Are you more free to write for you now? If so, what are you working on?

Yes, I’m working on a novel, which I started writing after completing a draft of my memoir, before it sold. When Tin House bought it, I put the novel down and edited my memoir with Masie Cochran, who’s wonderful to work with and whose empathy I felt throughout that process. I used to write stories in high school, and writing a novel has always been a dream project. There are sisters in the book I’m working on—I think we’re never really free.

What do you want people—both Atlantis’s fans and those who know her most through your book—to know about your sister that they might not already?

It’s not in the book that a lot of Atlantis’s best music is coming out right now.

Have you received any reactions from those in Atlantis’s immediate circle to your book?

Yes! Leah Jackson, who was Atlantis’s partner for five years, wrote a beautiful tribute to Atlantis on her Instagram and other social media. Leah loved Atlantis, and has worked as a DJ, and she’s committed to getting my book read and Atlantis’s music heard. Leah and I had kept in occasional touch over the years, and as soon as we had an advance review copy, I asked Tin House to send it to her. A friend of Leah’s and Atlantis’s who now works in radio invited Leah to talk about Atlantis—one of their show’s themes is losing someone to addiction—and Leah wanted me to join her. So she and I plan to talk live together on Channel Q radio next week.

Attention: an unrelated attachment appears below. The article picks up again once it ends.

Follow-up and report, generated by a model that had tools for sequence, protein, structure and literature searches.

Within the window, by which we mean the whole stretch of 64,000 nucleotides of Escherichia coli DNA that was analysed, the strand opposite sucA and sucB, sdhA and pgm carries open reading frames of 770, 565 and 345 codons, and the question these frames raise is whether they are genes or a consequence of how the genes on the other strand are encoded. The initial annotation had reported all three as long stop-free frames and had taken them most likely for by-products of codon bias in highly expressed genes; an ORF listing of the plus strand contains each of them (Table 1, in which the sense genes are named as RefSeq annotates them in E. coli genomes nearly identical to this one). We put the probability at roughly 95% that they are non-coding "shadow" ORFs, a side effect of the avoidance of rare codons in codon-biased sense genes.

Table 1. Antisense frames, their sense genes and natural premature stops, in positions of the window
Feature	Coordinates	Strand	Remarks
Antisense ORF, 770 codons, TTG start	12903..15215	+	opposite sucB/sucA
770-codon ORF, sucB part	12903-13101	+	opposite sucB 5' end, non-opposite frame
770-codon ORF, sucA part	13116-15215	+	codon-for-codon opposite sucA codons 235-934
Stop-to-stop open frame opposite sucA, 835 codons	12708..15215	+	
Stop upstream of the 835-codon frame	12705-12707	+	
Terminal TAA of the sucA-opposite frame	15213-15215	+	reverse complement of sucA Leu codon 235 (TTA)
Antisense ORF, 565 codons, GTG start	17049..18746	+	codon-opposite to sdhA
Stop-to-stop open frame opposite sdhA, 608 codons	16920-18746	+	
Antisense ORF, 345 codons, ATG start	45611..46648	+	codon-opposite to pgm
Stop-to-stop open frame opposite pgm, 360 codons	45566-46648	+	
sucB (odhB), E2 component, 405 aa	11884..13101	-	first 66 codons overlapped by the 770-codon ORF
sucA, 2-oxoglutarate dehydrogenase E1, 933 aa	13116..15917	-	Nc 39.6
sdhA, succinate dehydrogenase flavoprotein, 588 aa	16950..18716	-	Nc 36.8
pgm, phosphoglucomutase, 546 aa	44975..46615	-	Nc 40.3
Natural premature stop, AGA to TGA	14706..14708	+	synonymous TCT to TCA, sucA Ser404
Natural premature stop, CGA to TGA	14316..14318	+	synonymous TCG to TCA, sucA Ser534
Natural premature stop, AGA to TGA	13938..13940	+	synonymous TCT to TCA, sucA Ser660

Most of Atlantis’s friends knew her in New York, where she lived for five years, and I’ve been hearing from so many of them. They miss Atlantis; they love the book. They all want to know more about what happened—who Gretchen is, for instance—and all have been deeply compassionate about the unresolved ending. Atlantis’s friends understand that when I notified them of her death, my family believed it was suicide, and that my investigative research suggested that her death might have been assisted; that she might even have been murdered; and that she’d certainly contemplated “disappearing” and faking her death—partly to avoid a court case, and certainly because she did everything to an extreme.

What do you imagine justice in Atlantis’s case (and your mother’s) might look like?

Justice, hmm. It would be interesting if Gretchen revealed herself and admitted whatever her role might have been in both my sister’s disappearance (and probable death), and in my mother’s death. And Atlantis’s lawyer did a terrible job of protecting his client; there might be a bit of justice in an admission from him of his failure.

Your book covers a lot of personal trauma, including, but also beyond, Atlantis’s and your mother’s death, that results in some feelings of raw intimacy with your audience. If the question is not too invasive: how are you doing?

I’m doing all right, given the pandemic. Excited about this week’s news of the Biden-Harris ticket.

Michelle Anne Schingler